The trio of musicians launched into "Skies of LA," making it clear the audience was going to get more than what they paid for. Do not think that the words "intimate show" mean one guy sitting down with an acoustic guitar to sing a few songs. While Keneally's music is epic in scale, the small room was a perfect match for making a close and personal connection between audience and musicians.
Lunn and Bendian are a perfect foil for Keneally, navigating quick time and tempo changes while maintaining a groove that keeps the songs moving forward. These thick grooves did not bog the songs down with superficial eccentricities that are common place among musicians who grew up with Emerson, Lake and Palmer, Yes, King Crimson and Rush.
Keneally, armed with his guitar and keyboard, moved between instruments with astounding proficiency, many times playing counterparts on guitar and keyboard simultaneously. It is no wonder that the legendary Frank Zappa, Steve Vai, Joe Satriani and Dethklok have Keneally as a member of their musical line ups. He is not only is he a master musician, his compositions make him stand out from the pack. He is fearless in making music that draws from influences ranging from XTC, classic rock and his former employer Frank Zappa.
The band blasted through a set that included the Fire Merchants' song, penned by Doug Lunn, "Hamsterdam," Gregg Bendian's "Current," inspired by Nikolai Tesla, and songs from Keneally's expansive career. The Keneally songs included the hard hitting "Frozen Beef (Come with Me)," his collaboration with XTC frontman Andy Partridge, "Your House," and "It's Raining Here, Inside," which Gregg Bendian called "Mike's hit single."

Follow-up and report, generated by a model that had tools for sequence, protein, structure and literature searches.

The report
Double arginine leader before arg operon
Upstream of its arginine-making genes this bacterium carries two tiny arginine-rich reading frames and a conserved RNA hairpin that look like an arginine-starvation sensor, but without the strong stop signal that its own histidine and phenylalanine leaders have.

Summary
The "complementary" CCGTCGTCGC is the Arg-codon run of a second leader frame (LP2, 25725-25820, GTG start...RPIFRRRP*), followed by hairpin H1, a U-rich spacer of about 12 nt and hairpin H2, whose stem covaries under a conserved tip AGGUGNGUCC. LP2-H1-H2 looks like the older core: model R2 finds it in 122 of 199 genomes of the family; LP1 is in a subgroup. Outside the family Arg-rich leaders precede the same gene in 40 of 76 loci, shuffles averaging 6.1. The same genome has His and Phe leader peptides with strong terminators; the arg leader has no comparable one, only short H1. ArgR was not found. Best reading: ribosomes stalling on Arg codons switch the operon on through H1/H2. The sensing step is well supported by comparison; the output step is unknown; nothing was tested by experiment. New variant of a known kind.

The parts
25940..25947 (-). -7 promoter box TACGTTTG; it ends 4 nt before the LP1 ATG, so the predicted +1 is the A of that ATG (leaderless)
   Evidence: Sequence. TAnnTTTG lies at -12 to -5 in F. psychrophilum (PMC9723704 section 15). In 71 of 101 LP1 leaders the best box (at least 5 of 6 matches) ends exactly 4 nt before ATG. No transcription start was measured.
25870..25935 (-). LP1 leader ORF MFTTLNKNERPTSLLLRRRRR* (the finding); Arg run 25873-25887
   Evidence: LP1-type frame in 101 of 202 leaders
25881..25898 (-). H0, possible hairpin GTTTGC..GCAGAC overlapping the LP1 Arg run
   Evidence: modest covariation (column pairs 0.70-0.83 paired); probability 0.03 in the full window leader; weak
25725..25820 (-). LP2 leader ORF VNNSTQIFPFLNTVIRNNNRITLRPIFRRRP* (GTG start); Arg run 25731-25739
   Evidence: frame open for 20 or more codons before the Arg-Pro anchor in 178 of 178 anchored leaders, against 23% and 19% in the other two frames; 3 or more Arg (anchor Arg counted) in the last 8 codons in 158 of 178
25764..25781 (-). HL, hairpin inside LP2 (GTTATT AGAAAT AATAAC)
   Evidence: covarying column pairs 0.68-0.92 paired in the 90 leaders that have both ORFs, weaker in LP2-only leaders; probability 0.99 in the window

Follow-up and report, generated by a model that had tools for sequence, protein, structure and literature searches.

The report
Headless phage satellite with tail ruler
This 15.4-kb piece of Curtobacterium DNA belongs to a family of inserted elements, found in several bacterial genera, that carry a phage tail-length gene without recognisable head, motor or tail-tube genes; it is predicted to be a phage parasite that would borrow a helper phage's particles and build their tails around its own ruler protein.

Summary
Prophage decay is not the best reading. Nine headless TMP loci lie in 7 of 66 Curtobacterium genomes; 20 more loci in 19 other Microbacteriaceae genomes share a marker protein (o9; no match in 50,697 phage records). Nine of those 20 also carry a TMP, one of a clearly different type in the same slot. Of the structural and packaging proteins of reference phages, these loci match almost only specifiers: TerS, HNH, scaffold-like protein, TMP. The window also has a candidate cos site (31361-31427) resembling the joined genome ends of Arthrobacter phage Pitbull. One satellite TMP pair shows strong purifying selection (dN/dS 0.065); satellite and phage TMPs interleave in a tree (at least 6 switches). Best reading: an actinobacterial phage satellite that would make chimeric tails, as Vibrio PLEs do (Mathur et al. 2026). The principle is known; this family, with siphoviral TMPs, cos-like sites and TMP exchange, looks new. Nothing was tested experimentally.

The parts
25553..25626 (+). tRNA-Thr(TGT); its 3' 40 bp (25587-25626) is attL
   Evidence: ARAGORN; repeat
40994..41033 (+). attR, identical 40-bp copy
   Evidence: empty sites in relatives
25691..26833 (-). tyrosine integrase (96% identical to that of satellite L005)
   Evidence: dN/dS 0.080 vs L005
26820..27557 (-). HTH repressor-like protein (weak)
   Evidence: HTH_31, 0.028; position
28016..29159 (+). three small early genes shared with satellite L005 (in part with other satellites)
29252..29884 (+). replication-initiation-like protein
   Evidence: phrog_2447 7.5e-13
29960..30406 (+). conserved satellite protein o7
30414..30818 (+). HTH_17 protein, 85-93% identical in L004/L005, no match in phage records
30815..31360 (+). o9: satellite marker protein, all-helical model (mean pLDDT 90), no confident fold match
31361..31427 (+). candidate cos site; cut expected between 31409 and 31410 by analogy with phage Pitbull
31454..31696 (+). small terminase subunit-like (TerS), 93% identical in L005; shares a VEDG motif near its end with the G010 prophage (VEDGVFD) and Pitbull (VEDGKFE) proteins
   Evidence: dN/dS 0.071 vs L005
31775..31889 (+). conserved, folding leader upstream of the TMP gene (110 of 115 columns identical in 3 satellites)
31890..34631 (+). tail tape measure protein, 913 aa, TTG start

The night ended with a tour de force. "We're Rockin' All Night With the Tangy Flavor of Cheddar" ripped off the stage, through the P.A. and into the audience, but Keneally's shows generally hold an element of surprise, and that came in the form of Led Zeppelin's "Out on the Tiles" superimposed into the song. Bendian and Lunn fell deep into the groove while Keneally took the melody and guitar further than Jimmy Page could imagine, but still retained the essence of what makes Zeppelin a standard bearer.
Like everything, all good things must come to an end and so did this intimate connection between the audience and musicians. Before the band walked off stage, Keneally put down his guitar and played the Beach Boys' standard, "Surf's Up," another surprise for the audience. The song, which is one of Brian Wilson's most heart wrenching, was offered minus the huge harmonies and wall-of-sound production that Beach Boys recordings are known for, but the essence and emotion came through Keneally's voice and piano as if he had written the song himself.
But wait there's more! Keneally, Lunn and Bendian came back for an encore and to a shouted request from the audience. Keneally shrugged his shoulders in agreement, and the band launched into "Scotch," which summed up the excitement of the night and left the audience hungry for more from these three exceptional musicians.